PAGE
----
chezbeate / Pixabay

Neil Kaye.

Last month, hundreds of thousands of young people nervously opened their GCSE results – the first time in the post-pandemic world that such exams had been sat by a full cohort of Year 11 students. Whilst the headlines focused on the apparent fall in average grades from those of the previous two years, the results also highlight a seemingly-inevitable outcome of our present education system: the persistence of a ‘disadvantage’ attainment gap.

A recent IFS report concluded that, “despite decades of policy attention, there has been virtually no change in the ‘disadvantage gap’ in GCSE attainment over the past 20 years”. Whilst some improvement has been noted, modelling by the Education Policy Institute (EPI) from before the pandemic observed that “at the current rate of progress, it would take over 500 years for this gap to close completely at the end of secondary school” (Lupton & Hayes, 2021).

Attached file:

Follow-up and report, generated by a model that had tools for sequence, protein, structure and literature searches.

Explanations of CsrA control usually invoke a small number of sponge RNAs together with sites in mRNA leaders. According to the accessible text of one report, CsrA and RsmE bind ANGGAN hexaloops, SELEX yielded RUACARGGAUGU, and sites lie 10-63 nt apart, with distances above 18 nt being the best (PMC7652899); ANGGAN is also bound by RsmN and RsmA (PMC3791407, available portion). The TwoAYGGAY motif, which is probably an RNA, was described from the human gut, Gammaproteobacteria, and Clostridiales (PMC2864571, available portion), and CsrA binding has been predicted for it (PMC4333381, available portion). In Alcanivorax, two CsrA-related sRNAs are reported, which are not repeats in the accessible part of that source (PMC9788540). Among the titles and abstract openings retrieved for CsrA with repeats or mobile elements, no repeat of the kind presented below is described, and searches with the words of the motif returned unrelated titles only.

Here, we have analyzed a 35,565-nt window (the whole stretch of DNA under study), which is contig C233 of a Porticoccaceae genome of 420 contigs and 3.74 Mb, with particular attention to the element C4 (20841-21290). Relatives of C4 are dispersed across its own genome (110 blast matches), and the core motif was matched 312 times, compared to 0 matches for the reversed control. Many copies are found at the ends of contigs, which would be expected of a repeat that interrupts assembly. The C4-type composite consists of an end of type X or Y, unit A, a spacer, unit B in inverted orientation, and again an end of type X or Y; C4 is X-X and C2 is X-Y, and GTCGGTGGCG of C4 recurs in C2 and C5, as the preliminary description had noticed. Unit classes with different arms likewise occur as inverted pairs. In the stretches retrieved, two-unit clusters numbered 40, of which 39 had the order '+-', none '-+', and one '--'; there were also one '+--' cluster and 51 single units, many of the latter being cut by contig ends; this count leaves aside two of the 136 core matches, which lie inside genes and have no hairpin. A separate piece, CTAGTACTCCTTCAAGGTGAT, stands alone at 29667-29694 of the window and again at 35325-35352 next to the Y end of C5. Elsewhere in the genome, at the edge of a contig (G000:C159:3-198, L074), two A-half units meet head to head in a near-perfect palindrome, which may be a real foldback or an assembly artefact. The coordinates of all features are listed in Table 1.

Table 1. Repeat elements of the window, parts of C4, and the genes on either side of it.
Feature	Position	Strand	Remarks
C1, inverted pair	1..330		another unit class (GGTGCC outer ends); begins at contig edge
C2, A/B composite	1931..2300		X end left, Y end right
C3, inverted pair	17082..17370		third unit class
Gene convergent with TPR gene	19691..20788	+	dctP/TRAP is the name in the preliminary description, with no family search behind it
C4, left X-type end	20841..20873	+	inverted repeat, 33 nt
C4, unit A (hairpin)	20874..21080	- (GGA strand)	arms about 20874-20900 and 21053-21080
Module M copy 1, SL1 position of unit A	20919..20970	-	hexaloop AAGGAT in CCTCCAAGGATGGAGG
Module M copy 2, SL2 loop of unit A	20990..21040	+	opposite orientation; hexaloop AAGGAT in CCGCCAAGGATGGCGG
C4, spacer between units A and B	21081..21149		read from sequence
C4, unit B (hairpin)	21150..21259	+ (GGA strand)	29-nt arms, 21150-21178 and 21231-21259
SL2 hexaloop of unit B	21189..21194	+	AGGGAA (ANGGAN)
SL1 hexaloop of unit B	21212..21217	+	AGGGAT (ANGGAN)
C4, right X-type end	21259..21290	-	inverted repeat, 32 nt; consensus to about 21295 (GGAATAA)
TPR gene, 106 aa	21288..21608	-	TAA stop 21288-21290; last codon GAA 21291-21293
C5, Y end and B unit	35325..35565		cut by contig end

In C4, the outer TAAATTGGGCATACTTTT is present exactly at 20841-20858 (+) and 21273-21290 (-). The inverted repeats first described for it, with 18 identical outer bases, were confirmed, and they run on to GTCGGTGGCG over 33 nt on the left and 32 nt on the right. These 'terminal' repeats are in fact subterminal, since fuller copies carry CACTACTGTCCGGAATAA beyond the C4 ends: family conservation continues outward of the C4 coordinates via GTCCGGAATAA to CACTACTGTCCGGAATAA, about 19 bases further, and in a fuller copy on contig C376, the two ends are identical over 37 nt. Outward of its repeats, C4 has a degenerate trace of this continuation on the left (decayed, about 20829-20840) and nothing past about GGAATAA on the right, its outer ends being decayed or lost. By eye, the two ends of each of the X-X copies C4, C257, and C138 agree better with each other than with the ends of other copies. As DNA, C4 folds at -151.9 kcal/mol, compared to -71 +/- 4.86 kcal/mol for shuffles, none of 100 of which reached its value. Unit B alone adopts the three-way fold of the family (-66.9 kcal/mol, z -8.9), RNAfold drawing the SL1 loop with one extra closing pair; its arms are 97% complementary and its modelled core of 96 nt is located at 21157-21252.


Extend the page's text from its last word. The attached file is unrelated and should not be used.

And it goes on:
So, is this gap in attainment inevitable? Is it ‘baked’ into the system? Are the policies of successive governments doomed to failure, or have they (more…)

Does educational disadvantage persist among children of care leavers?

By Blog Editor, IOE Digital, on 6 September 2022

Sam Parsons, Emla Fitzsimons and Ingrid Schoon.

There has been persistent research evidence that care-leavers tend to have lower educational outcomes compared to their peers. But there is little knowledge about the educational experiences of their children.

Our research, presented today at the British Educational Research Association annual conference in Liverpool, finds evidence of intergenerational transmission of educational disadvantage already in the very early years (age 3 and 5) through to GCSE attainment at age 16. However, once inequalities in family socio-economic background or area deprivation and housing are controlled for, children of care-leaver mothers perform just (more…)